International Women’s Day (8th March) is a good time to highlight that women’s health needs to be more of a priority for employers.
Common conditions such as endometriosis which affects 1 in 10 women in the UK; the menopause; mental health including post-natal depression and peri-menopausal anxiety and fertility issues are frequently unrecognised in the workplace and there is often a stigma around talking about female health issues despite the rising number of women in the workplace.
The Office for National Statistics estimates that more than two-thirds (72%) of women aged 16-64 are employed (September to November 2020), this is an increase from 52.8% in the first quarter of 1971 when ONS first began recording this data.
Cheryl Brennan says, “Women have made great strides in the workplace, but there are still barriers to overcome and health issues can be one of them. Many common conditions that impact women are still not talked about in the workplace, which can leave them suffering in silence and reluctant to turn to their manager because they are not sure of the reaction they will receive.
“Women’s health issues can be embarrassing for both men and women to talk about, and women may feel self-conscious raising them, especially if their manager is male. This could negatively impact their productivity and hamper their careers and future development.’’
“Women can have added pressures from managing caring responsibilities too. With some choosing to have children later in life, they are often juggling a young family, whilst caring for elderly parents and relatives. This could also coincide with the onset of menopause, adding additional physical and emotional challenges.”
“For companies this can mean they are not getting the best out of a large proportion of their workforce; it may lead to increased absenteeism or presenteeism with the additional costs this involves as well as developing a reputation as an employer that doesn’t care about its female staff.’’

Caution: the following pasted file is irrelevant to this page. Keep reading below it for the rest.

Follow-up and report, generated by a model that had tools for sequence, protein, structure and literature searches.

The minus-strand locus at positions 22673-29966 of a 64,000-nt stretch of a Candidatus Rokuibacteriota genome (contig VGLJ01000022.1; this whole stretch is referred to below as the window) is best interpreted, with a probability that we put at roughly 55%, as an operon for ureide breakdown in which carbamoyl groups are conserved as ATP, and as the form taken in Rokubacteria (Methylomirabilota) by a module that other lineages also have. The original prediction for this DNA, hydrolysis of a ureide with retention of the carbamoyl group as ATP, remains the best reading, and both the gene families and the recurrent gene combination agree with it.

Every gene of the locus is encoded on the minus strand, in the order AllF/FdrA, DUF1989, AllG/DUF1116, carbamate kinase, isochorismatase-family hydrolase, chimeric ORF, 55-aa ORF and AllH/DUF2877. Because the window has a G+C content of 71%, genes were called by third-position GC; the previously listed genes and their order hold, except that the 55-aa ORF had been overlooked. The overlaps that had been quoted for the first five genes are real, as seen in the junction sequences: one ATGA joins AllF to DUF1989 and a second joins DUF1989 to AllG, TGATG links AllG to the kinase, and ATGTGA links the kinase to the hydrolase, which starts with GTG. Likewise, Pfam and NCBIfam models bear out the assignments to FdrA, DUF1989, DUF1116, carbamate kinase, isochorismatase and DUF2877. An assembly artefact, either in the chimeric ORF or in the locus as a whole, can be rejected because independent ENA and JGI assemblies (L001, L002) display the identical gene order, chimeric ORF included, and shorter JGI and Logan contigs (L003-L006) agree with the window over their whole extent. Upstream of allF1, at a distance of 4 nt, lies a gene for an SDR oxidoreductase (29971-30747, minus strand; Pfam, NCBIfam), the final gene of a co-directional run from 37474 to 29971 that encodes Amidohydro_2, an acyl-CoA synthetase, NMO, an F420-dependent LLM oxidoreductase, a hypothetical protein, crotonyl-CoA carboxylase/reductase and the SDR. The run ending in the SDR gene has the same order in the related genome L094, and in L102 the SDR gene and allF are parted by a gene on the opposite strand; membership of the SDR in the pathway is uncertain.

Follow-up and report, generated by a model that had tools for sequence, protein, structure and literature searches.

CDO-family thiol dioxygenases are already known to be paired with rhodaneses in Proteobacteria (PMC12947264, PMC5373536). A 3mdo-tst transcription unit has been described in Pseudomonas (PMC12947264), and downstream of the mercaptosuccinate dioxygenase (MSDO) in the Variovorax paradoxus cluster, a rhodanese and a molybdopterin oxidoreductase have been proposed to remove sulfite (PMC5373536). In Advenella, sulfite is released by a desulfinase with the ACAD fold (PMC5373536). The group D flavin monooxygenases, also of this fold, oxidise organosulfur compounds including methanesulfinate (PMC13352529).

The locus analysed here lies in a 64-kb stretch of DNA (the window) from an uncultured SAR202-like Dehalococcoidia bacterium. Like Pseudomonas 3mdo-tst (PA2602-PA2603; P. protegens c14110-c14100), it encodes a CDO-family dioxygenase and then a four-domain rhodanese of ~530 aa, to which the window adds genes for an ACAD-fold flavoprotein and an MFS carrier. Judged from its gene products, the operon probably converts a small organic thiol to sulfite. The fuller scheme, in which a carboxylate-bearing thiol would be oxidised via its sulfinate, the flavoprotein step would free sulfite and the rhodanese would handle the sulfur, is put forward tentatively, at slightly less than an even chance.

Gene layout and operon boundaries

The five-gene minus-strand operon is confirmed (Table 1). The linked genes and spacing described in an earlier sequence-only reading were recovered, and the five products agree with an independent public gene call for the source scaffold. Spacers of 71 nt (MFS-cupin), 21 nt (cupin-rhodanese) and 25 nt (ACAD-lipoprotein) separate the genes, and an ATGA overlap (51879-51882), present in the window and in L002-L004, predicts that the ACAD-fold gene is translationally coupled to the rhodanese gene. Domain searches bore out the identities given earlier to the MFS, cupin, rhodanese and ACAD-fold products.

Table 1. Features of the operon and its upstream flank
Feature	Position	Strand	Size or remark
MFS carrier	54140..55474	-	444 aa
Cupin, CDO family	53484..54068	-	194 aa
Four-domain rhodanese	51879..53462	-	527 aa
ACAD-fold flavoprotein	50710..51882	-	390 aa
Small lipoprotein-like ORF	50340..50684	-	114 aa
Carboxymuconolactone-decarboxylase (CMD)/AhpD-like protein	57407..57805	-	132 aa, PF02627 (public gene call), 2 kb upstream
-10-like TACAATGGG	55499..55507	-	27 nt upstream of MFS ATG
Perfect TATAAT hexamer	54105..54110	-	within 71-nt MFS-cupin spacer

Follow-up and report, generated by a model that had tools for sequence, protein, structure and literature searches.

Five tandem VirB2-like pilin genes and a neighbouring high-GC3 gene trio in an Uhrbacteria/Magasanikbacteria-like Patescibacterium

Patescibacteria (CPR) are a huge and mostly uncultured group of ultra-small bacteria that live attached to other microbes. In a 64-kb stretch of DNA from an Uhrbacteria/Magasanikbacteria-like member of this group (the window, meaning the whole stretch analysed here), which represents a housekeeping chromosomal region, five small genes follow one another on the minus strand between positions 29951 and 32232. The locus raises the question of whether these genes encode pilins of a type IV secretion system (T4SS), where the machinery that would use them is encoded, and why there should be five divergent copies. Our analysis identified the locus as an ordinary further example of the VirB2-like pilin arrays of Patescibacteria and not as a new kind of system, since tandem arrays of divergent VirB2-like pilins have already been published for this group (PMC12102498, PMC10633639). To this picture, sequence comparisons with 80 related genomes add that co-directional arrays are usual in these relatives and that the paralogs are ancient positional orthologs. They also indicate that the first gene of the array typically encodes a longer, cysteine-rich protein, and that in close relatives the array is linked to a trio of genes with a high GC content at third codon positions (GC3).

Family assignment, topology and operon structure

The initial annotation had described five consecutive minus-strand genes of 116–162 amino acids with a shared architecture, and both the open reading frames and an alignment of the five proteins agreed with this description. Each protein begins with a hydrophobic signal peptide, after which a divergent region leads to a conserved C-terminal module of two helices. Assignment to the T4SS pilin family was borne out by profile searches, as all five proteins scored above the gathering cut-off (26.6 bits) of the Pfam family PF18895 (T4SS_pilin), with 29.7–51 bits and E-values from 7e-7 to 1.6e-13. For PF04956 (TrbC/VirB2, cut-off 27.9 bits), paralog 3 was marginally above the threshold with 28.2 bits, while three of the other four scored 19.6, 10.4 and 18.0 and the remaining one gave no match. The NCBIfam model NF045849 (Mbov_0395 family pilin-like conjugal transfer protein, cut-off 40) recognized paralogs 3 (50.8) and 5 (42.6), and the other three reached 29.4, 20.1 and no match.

“In the end this could mean they lose valuable female talent from the business and have difficulty recruiting. It could also further widen already established gender pay gaps. This is not good for business or reputation. On International Women’s Day we are calling on employers to offer more support for women’s health and create a culture where there is no stigma to discussing issues such as menopause, mental health and fertility.”
The COVID-19 pandemic has highlighted other health risks for women. Before the pandemic it was reported that cervical cancer was on the rise in young women and deaths from breast cancer are set to rise by 2022. However, the pandemic has caused almost 1 million women to miss breast screening and almost a third to miss cervical screening
Cheryl Brennan adds, “Women’s cancer could rise more than predicted in the next few years because of screening delays or the reluctance of women to see their GP if they were experiencing symptoms because of the pandemic. Men will also be affected for some cancers so employers should take action now and consider offering cancer screening programmes as part of their overall benefits strategy.”
Here are some top tips on how employers can help:
- Remember women have a unique set of health and wellbeing requirements and a one size fits all approach is unlikely to help
- Review existing policies and processes – around sickness, maternity leave, flexible working and health and safety to ensure that women’s health conditions are considered
- Train and educate line managers in the different types and the potential impact of health conditions women face. This will enable them to have supportive conversations and ensure women can raise and discuss their symptoms/concerns
- Consider flexible working, condensed hours and working from home to help women if they have a health issue or are struggling with childcare
- Provide equal pay – while this may not happen overnight, where gender pay gaps have been identified, a clear action plan is required to redress the balance
- Provide healthcare information covering women’s health issues and the treatments available
- Remind women of support available – whether through benefits such as EAPs, virtual GPs and PMI cover or other sources, such as charities
- If you offer health assessments for employees, include gender specific tests
- Ask female employees what healthcare support and benefits they would like
Christine Husbands, Managing Director of RedArc adds, “As well as looking after women’s physical health, employers also need to provide emotional support. Employers may have support services in place, but they should check these can be tailored for women around what can often be very personal and sensitive subjects. General counselling is unlikely to help.”